"Let’s say the computers I was working with had been powerful enough for me to do my experiments in real time. I’m not at all sure that I would have made the discovery! Because the condition under which I was working, on a time-share machine, a few seconds of sound might take me nearly two hours. So the time it took, perhaps specifically the time between experiments, I had to think. These were discrete times: I would generate a sample of a sound that was 20 Hz, with a modulating frequency of 20 Hz and a deviation of 100 Hz. Then I would wait. Then I would listen. Then I would increase to another. If I’d had continuous control, I think I probably would have missed it. I could have let the carrier sweep through frequencies that were way too high, and I would have missed the points where they converged to harmonic spectra. That being the case, the fact that I had to sit and wait and think, and listen, and then think about what I heard, “what will be the next step?” greatly enhanced my ability in realizing the discovery." John Chowning on how not having realtime feedback was an asset, rather than a problem.
"This course is an advanced seminar in the anthropology of attention. What makes the
anthropology of attention different from other ways of studying attention (e.g.
psychology) is that we study it as a social and cultural phenomenon: attention is not just a matter of individual minds selecting objects from environments. Rather, attention is collectively organized and valued. We learn how to pay attention and what to pay
attention to from other people; other people make technological and media systems to
intentionally organize collective attention. We learn to value certain kinds of attention
(e.g. intense focus on work, mindfulness, or multi-tasking) and to criticize others (e.g.
absent-mindedness, distraction, intense focus on entertainment) in cultural contexts. So, while we will be experimenting with our own attentions throughout this course, we will remember that our attentions are not really our own. No one pays attention alone." This paper sounds brilliant.
New retail, dropshipping, and the supply cloud. This is good. Well, it's not, but the article is good.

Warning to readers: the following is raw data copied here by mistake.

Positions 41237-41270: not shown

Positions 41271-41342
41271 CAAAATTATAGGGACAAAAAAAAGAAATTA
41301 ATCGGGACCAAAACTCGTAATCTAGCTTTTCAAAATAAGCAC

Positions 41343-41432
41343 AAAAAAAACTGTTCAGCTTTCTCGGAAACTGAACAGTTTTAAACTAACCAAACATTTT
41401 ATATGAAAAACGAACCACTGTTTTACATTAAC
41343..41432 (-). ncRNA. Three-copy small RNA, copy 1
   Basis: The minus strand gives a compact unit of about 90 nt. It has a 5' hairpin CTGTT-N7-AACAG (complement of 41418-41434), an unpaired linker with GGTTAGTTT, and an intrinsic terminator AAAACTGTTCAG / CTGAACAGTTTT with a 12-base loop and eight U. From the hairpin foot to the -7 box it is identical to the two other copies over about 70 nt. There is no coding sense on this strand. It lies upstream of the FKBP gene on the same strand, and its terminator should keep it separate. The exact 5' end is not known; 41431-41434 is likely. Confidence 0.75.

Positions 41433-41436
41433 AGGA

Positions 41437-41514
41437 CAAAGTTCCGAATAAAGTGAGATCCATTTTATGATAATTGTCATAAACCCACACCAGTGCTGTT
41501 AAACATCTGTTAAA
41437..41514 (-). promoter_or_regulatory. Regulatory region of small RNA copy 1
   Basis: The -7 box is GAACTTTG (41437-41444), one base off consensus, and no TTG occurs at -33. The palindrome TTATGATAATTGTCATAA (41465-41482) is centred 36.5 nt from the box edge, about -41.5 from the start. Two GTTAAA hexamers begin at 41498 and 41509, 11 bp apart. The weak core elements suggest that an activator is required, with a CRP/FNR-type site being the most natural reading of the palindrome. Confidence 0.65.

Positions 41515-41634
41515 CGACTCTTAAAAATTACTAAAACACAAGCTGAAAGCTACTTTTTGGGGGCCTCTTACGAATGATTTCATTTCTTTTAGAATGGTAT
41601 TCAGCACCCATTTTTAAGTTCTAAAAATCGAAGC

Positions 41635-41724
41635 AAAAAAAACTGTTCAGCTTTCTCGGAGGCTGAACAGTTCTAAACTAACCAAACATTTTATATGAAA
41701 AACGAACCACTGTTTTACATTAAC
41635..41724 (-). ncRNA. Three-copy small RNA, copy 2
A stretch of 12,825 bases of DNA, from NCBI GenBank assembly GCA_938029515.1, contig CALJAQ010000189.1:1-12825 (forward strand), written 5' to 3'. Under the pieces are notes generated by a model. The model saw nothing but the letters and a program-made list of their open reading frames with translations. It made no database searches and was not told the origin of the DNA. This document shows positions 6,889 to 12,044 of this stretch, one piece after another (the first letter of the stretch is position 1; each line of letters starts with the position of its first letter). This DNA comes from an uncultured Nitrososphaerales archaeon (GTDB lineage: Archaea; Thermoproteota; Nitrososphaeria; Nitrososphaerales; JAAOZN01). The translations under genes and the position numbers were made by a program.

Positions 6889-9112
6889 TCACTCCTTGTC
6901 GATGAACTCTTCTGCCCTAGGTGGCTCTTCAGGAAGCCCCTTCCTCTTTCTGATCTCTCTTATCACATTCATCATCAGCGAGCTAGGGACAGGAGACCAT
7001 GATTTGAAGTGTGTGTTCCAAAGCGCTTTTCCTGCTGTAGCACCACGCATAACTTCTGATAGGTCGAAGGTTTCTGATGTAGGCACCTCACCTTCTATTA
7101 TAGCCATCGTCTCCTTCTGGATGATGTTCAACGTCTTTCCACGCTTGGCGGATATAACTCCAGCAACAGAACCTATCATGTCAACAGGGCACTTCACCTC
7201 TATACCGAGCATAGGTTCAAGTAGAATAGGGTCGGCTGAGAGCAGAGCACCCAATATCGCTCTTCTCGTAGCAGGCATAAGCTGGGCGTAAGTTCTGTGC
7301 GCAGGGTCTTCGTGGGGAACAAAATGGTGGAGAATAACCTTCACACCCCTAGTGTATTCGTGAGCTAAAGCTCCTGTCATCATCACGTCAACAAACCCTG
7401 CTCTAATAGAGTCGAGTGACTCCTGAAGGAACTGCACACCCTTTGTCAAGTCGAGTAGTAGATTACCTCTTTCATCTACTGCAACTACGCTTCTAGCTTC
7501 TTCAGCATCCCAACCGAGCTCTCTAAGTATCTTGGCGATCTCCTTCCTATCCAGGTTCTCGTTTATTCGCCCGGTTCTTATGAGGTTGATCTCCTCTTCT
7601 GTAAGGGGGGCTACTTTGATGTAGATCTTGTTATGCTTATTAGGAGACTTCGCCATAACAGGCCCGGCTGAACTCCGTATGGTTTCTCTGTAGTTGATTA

Every word of this is gold.
Paul Ford's website is 20. I have always liked it.
"When I was about a year old or so, my father took me into his office for the day. My father was a computer scientist, and he worked for a weird little startup that didn’t make any money. I remember going in there as a kid and thinking the people dressed strange.
At some point during that day, my dad played with me with a tennis ball. John Lasseter, an artist who worked with him, watched us, and suddenly the short film he had been trying to figure out was right in front of him. Using my actions, proportions and personality as a model for his main character, Lasseter created the short film “Luxo Jr.”" Via Jason Kottke; this is a touching story. I always love watching this film.
"I like how different the language of the sky is from everyday English – indeed, we might give it its own name, Aeroese (though it’s also sometimes, and less aspirationally, called Aviation English). Above all, I love how Aeroese can somehow manage, in its technical, obscuring precision, to capture the high romance of flight – an aspect of my job, no matter how much I love it, that in the cockpit we rarely have reason to consider directly." This is a lovely piece of writing.
"One way to illustrate that most technologies are, in fact, pretty "hi," is to ask yourself of any manmade object, Do I know how to make one?